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Keel-Johnson v. Amsbaugh

July 7, 2009

JILLIAN KEEL-JOHNSON, AND SCOTT COREY JOHNSON, PLAINTIFFS
v.
GLENN A AMSBAUGH, M.D. ET AL. DEFENDANTS



The opinion of the court was delivered by: Chief Judge Kane

ORDER

THE BACKGROUND OF THIS ORDER IS AS FOLLOWS:

On March 10, 2009, the Court issued an order denying Defendants' separate Rule 41(b) motions to dismiss Plaintiffs' complaint. (Doc. No. 65.) Defendants timely filed a joint motion for reconsideration of the Court's order or, in the alternative, a motion that the Court's order be certified for interlocutory appeal pursuant to 28 U.S.C. § 1292(b). (Doc. Nos. 66-67.)

A. Reconsideration

The typical motion for reconsideration is made pursuant to Rule 59(e) as a motion to alter or amend judgment. See Carrascosa v. McGuire, 520 F.3d 249, 253 n.3 (3d Cir. 2008). Here, no judgment has been entered by the Court's March 10 order and it is interlocutory, so any reconsideration must be considered under authority granted by Rule 54. Fed. R. Civ. P. 54(b). As the Defendants point out, however, courts have tended to analyze motions for reconsideration of interlocutory orders similarly to final orders: "[r]egardless of the subject order, 'the purpose of a motion for reconsideration is to correct manifest errors of law or fact or to present newly discovered evidence.'" Confer v. Custom Engineering Co. Employee Health Ben. Plan, 760 F. Supp. 75, 77 (W.D. Pa. 1991) (quoting Harsco Corp. v. Zlotnicki, 779 F.2d 906 (3d Cir. 1985)).

Motions for reconsideration are granted sparingly in the interest of finality. Dayoub v. Penn-Del Directory Co., 90 F. Supp. 2d 636, 637 (E.D. Pa. 2000). Of course, dissatisfaction with the Court's ruling is not a proper basis for reconsideration; a party may not use the motion to reargue matters already argued or relitigate a point of disagreement between the Court and the party. Lester v. Percudani, No. 04-CV-0832, 2008 WL 4722749, *3 (M.D. Pa. 2008) (quoting Abu Jamal v. Horn, No. Civ. A. 99-5089, 2001 WL 1609761, *9 (E.D. Pa. 2001)).

The Defendants argue that the Court should grant their motion because the Court's order is based upon clear errors of law in that it: (1) allows the outcome of two identical cases, applying the same substantive state law, to be determined by whether the case was filed in state or federal court; (2) is in conflict with other holdings from the Middle District and Third Circuit on the same issue; (3) incorrectly applies state procedural rules to a federal case; and (4) misapprehends the intent of the state procedural rules being applied.

(Doc. No. 67 at 2.) After careful review of the Defendants' arguments in support of both their motion for reconsideration and original motion to dismiss, the Court must agree with the Plaintiffs that "the defendants have repeated arguments based on abrogated law and have provided no basis for this Court to question its initial analysis . . . ." (Doc. No. 69 at 6.) The Defendants largely repeat the same arguments made in support of their original motion, adding mainly that the Court's failure to adopt these arguments was a clear error of law. In fact, entire sections of the Defendants' briefs in support of the motion for reconsideration and original motion to dismiss are nearly identical. (See Doc. No. 53 at 4-6; Doc. No. 67 at 6-8.) As has been recognized, "[t]o the extent that a party simply repeats itself, it may be in serious danger of displaying nothing more than its dissatisfaction with the court's ruling." A&H Sportswear Co., Inc. v. Victoria's Secret Stores, Inc., No. Civ. A. 94-7408, 2001 WL 881718, *1 (E.D. Pa. 2001).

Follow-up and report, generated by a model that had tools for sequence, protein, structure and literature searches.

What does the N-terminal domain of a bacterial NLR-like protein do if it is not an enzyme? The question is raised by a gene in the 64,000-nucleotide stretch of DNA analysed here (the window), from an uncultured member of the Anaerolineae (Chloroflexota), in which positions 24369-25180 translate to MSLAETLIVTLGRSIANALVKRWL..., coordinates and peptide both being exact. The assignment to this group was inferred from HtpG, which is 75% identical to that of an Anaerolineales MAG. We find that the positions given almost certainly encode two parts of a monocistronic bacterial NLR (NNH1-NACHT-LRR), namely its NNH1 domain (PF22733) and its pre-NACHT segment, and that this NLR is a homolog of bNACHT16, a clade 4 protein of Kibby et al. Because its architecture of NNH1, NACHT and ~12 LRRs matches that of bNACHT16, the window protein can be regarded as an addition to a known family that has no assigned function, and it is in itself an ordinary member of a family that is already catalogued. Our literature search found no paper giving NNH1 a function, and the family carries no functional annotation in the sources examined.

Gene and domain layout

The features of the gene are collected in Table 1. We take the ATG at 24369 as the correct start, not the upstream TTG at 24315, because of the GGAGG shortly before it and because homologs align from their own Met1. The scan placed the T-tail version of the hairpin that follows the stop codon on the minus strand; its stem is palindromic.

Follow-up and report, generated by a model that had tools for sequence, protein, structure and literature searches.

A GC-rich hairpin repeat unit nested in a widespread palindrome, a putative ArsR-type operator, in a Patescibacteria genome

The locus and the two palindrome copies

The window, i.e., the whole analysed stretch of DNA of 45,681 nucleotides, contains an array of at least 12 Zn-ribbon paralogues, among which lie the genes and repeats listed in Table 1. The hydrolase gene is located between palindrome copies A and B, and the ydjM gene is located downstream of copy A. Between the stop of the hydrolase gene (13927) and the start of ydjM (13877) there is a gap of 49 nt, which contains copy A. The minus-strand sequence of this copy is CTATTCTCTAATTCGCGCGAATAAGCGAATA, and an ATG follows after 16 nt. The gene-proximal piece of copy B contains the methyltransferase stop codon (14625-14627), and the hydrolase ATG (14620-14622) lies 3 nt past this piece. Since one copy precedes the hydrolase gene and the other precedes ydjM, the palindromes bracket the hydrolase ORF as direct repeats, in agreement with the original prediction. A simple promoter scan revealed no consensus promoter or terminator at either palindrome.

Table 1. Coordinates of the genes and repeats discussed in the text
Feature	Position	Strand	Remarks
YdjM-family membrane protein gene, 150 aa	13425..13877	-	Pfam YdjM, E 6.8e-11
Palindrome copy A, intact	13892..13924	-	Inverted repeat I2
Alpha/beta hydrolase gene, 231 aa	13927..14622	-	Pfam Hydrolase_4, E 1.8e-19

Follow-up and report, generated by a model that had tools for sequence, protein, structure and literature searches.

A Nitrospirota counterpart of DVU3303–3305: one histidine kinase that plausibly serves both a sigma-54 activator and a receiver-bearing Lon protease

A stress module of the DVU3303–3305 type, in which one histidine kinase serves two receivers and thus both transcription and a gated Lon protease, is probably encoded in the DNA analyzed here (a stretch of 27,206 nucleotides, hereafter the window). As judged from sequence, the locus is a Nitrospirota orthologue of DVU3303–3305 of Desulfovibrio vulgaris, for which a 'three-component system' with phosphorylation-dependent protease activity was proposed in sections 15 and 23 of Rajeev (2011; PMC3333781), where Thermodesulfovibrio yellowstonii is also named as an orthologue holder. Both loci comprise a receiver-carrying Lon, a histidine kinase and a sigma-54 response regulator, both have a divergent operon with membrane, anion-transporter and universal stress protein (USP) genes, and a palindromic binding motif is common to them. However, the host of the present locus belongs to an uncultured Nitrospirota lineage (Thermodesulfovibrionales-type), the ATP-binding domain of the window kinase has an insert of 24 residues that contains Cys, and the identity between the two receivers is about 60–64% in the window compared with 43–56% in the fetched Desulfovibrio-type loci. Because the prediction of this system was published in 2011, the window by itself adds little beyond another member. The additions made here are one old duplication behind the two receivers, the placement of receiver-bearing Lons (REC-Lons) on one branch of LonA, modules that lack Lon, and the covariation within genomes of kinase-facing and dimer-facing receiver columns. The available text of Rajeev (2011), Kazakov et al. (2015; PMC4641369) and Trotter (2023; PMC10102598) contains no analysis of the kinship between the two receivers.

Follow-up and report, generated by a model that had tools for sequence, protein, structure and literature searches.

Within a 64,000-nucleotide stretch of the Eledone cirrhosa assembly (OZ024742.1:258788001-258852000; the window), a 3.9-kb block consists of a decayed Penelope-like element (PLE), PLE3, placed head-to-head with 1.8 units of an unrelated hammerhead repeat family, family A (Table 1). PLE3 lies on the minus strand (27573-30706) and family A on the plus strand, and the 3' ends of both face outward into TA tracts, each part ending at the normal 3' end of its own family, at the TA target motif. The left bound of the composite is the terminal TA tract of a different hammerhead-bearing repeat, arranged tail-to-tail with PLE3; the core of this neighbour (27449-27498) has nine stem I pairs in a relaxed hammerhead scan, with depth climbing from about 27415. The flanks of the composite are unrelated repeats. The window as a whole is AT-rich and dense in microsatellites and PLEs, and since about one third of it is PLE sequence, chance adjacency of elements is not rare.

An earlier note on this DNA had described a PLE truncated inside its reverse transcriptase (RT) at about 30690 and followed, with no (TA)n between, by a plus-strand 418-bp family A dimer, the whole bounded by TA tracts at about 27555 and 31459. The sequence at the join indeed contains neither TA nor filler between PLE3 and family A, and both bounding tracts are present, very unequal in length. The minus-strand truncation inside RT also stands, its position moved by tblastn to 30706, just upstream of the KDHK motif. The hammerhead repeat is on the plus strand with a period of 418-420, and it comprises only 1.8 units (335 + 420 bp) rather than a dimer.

Further, the Defendants have not persuasively shown that the Court has committed a clear or manifest error of law in its order such that the interests of finality should be disturbed by granting reconsideration. Accordingly, the Defendants' motion for reconsideration will be denied.

B. Certification for Appeal

In support of certification, the Defendants rely principally on their arguments in support of reconsideration and also point to the Court's statement in the March 10 order that "application of the COM rule in federal court is complicated by the procedural differences between state and federal court systems." (Doc. No. 67 at 12.) Defendants also point to other district court opinions that, in a similar context, seemingly did not address or discuss the amended certificate of merit rules. (Doc. No. 72 at 6.)

An interlocutory order that is not otherwise appealable, such as the Court's March 10 order, can be certified for a potential appeal under 28 U.S.C. § 1292(b), which provides in pertinent part:

[w]hen a district judge, in making in a civil action an order not otherwise appealable under this section, shall be of the opinion that such order involves a controlling question of law as to which there is substantial ground for difference of opinion and that an immediate appeal from the order may materially advance the ultimate termination of the litigation, he shall so state in writing in such order.

28 U.S.C. § 1292(b). Despite this statute, "[i]t is well established that federal law expresses a strong policy against piecemeal appeals." Zygmuntowicz v. Hospitality Investments, Inc., 828 F. Supp. 346, 353 (E.D. Pa. 1993) (citing Freeman v. Kohl & Vick Machine Works, Inc., 673 F.2d 196, 201 (7th Cir. 1982)). The Third Circuit has stated that such certification should be granted sparingly and "used only in exceptional cases." Id. (citing ...


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